War refugees treated like criminals

Australian government moves to deport Kosovars

In one of the most disgusting examples yet of the Howard government's pandering to anti-immigrant, racist and extreme right-wing sentiment, it is forcibly removing the remaining Kosovar refugees who came to Australia last year in the wake of the US-NATO bombing of Yugoslavia. The Kosovars, many expressing fears for their lives, are being sent back to a country that is still devastated by war and wracked by communal conflicts.

Just 11 months ago the government went to great lengths to appear to be magnanimous and compassionate in welcoming 3,900 refugees fleeing from the Balkans war. In early May 1999 Prime Minister John Howard and Immigration Minister Philip Ruddock personally greeted the first planeloads arriving at Sydney airport. According to some refugees, Howard and Ruddock shed tears as they talked to the arriving families.

Now the government is going to even greater lengths to deport the few hundred remaining refugees. It has rounded them up like criminals, stripped them of their meagre subsistence allowances and threatened to use physical force.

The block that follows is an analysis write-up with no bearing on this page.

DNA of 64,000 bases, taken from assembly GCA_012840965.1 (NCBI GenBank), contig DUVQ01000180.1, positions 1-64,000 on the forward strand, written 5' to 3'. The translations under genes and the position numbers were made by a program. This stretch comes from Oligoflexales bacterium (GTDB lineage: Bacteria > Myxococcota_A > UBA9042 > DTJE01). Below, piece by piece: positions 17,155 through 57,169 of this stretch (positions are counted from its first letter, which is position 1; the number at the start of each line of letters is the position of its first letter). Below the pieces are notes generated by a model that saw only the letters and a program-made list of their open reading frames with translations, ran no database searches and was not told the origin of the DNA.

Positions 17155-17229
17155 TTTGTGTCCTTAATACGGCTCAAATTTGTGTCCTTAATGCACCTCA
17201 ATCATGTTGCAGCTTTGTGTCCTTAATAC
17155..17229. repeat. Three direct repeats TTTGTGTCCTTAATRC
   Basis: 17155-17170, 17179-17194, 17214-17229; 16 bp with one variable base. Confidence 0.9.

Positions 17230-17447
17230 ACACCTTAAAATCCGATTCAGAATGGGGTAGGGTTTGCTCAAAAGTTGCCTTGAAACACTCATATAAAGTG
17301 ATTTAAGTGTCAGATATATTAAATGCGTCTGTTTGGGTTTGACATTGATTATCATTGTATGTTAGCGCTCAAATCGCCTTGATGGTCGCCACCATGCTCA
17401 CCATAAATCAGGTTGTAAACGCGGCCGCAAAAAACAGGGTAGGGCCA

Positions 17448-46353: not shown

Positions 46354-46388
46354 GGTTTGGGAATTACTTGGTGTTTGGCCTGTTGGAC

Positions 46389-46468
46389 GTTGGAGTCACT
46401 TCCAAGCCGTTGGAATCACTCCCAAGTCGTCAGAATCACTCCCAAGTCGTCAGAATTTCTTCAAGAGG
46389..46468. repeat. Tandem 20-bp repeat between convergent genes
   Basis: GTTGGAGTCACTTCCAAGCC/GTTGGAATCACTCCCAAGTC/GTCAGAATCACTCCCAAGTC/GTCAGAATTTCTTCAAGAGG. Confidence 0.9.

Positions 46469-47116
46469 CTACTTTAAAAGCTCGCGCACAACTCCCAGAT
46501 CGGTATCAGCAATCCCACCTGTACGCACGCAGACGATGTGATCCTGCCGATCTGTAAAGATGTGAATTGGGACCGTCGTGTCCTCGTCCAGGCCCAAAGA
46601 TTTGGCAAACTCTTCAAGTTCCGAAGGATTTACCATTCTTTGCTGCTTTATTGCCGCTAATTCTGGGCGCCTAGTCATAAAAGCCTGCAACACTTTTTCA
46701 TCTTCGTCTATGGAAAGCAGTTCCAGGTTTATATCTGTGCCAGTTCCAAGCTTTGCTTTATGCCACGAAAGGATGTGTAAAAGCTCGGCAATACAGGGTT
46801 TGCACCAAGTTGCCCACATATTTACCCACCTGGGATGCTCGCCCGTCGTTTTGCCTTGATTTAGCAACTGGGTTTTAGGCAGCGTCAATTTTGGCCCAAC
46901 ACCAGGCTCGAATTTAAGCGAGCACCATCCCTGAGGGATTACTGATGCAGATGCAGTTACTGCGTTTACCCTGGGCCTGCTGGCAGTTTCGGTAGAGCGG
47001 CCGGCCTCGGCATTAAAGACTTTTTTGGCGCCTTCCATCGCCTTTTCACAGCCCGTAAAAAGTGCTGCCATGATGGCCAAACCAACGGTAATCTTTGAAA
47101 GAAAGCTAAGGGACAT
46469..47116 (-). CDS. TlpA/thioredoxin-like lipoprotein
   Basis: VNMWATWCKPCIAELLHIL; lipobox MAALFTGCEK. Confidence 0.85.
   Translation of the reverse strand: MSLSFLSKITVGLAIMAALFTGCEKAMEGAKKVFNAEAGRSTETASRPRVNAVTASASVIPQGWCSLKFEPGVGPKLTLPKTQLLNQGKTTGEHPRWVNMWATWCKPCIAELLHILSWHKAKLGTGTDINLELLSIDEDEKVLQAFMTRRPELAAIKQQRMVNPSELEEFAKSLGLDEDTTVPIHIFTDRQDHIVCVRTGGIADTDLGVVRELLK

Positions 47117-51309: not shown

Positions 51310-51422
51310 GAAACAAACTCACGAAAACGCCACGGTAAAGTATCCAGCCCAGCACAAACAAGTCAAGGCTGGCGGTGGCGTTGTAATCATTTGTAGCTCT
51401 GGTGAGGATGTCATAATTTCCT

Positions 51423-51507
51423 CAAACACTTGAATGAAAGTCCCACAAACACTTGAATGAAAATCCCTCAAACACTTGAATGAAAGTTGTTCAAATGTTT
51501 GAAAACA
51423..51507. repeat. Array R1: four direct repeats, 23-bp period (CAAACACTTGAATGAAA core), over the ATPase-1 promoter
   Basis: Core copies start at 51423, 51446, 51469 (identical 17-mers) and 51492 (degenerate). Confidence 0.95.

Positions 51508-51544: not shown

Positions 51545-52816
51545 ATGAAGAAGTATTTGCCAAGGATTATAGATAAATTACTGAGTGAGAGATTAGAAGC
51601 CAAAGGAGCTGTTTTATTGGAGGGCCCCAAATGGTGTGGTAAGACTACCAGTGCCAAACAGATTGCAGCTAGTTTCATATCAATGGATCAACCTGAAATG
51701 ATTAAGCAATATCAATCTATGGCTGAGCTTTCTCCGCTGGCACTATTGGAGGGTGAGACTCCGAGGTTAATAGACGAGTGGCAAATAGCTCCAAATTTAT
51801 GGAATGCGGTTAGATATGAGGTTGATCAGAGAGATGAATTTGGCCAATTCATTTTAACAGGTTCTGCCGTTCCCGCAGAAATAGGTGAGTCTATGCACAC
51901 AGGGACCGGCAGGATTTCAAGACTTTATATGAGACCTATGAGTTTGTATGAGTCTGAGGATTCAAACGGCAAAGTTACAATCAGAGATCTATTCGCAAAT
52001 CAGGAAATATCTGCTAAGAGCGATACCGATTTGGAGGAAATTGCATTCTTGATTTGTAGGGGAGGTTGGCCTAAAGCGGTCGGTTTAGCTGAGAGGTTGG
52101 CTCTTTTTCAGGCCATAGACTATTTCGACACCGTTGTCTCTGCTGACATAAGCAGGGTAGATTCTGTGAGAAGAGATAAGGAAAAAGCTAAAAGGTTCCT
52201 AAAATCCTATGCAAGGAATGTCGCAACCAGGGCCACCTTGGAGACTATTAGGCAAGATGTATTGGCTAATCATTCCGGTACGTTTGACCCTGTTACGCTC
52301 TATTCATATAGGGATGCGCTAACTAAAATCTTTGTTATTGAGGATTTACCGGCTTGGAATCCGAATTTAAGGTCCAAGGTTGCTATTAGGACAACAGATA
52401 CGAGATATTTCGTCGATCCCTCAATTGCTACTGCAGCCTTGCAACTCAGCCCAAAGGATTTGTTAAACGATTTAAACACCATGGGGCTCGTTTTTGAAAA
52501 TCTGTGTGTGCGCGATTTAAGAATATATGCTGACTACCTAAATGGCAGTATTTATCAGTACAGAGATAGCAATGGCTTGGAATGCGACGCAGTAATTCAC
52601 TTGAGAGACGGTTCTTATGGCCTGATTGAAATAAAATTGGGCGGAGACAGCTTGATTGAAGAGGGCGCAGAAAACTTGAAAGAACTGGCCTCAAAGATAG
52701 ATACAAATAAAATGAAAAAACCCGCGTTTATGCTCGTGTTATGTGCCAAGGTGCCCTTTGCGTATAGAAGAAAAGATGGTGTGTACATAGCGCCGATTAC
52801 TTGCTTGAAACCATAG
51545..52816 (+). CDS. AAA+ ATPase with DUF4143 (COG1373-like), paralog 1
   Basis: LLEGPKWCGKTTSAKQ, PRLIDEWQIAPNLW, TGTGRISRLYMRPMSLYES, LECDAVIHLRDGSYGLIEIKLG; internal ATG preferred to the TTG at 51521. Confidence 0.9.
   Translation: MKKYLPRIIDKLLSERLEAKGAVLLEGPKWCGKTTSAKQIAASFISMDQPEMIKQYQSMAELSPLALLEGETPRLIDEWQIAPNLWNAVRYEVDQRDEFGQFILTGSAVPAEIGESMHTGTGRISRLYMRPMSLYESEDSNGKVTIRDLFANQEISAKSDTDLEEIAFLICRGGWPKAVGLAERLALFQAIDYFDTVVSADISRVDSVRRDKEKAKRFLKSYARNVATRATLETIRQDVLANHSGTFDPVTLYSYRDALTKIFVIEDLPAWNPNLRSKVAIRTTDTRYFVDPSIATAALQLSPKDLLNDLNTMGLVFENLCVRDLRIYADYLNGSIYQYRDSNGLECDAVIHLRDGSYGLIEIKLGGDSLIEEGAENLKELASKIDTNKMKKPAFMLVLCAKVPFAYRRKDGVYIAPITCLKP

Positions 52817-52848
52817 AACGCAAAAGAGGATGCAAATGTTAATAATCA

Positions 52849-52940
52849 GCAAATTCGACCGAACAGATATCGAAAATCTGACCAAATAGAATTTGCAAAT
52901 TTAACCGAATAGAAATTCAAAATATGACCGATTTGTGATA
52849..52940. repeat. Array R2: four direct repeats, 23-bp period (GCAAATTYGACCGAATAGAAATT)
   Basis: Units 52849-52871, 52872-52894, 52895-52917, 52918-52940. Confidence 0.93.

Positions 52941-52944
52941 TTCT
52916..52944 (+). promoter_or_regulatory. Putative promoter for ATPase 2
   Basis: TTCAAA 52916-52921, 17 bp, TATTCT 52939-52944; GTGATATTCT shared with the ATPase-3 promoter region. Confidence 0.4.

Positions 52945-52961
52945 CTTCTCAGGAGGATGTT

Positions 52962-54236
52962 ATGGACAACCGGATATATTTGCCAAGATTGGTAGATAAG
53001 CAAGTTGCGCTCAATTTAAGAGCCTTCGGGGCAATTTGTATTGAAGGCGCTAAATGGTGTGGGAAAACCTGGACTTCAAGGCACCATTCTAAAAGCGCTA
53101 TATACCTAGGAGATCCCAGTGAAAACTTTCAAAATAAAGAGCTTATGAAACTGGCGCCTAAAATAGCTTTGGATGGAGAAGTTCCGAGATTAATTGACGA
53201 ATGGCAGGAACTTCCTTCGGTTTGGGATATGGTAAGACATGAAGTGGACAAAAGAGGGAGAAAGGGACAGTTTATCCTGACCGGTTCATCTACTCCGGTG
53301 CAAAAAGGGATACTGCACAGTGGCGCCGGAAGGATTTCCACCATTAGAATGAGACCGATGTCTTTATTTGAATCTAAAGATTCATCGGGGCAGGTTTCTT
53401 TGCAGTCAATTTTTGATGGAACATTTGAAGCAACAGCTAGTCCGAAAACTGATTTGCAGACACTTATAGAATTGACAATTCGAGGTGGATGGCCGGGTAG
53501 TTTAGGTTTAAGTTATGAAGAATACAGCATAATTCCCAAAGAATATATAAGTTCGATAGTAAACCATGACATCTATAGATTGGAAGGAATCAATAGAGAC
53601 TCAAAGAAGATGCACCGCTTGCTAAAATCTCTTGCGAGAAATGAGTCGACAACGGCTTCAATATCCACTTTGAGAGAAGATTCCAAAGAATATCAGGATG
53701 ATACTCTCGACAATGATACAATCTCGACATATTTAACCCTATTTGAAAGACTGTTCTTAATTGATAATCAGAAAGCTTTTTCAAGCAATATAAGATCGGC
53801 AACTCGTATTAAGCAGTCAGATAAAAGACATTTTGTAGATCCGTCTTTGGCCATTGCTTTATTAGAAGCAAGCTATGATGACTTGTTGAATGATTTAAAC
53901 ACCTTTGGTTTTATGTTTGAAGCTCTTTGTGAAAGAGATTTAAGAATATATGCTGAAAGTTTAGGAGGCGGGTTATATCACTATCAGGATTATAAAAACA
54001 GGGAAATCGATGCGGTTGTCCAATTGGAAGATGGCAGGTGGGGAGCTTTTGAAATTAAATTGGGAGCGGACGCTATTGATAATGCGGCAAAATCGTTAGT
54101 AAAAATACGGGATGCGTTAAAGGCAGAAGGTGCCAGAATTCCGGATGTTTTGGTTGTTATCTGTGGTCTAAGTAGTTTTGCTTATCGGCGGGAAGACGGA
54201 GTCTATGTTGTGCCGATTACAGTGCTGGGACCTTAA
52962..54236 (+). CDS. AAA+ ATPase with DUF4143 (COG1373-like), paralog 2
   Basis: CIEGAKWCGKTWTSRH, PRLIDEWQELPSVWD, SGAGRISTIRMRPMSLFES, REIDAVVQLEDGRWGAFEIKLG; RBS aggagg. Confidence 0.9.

Last Sunday, at the stroke of midnight, the former military barracks where the refugees were housed were transformed from “Safe Havens” into detention centres. Security guards moved into the premises and all entrances were sealed off. Police commenced manhunts in the homes of relatives and friends for those not living in the barracks.

Ruddock warned that if 182 Kosovars who had been ordered to leave immediately did not comply they would be forcibly ejected. “Removal could involve having to supervise people to aircraft and supervising them on the way home,” he stated. Recently the Four Corners ABC TV program revealed that Algerian refugees had been drugged, bound and gagged, and dragged onto aircraft in order to deport them to South Africa.

Late on Tuesday Ruddock gave the refugees a deadline of 9am today to leave or be sent to remote detention centres at Woomera, in Australia's central desert, or Derby or Port Hedland, on the far north-west coast. Those who refused to meet the deadline would be banned from applying to return to Australia for at least three years and would be charged the full costs of their unsuccessful appeal to the High Court.

Ruddock's threats came just days after he announced that he had personally rejected the applications of 259 Kosovars to stay longer. For medical reasons, Ruddock allowed another 130 to remain—but only temporarily.

Some families departed under protest over the weekend but many vowed to defy the order. Refugees at the Bandiana barracks near Albury-Wodonga held hunger strikes, protests and marches, pleading for the right to stay. Others were severely traumatised by the prospect of suddenly landing back in Kosovo. At least one girl attempted to commit suicide and several people were taken to hospital suffering from serious stress-induced conditions.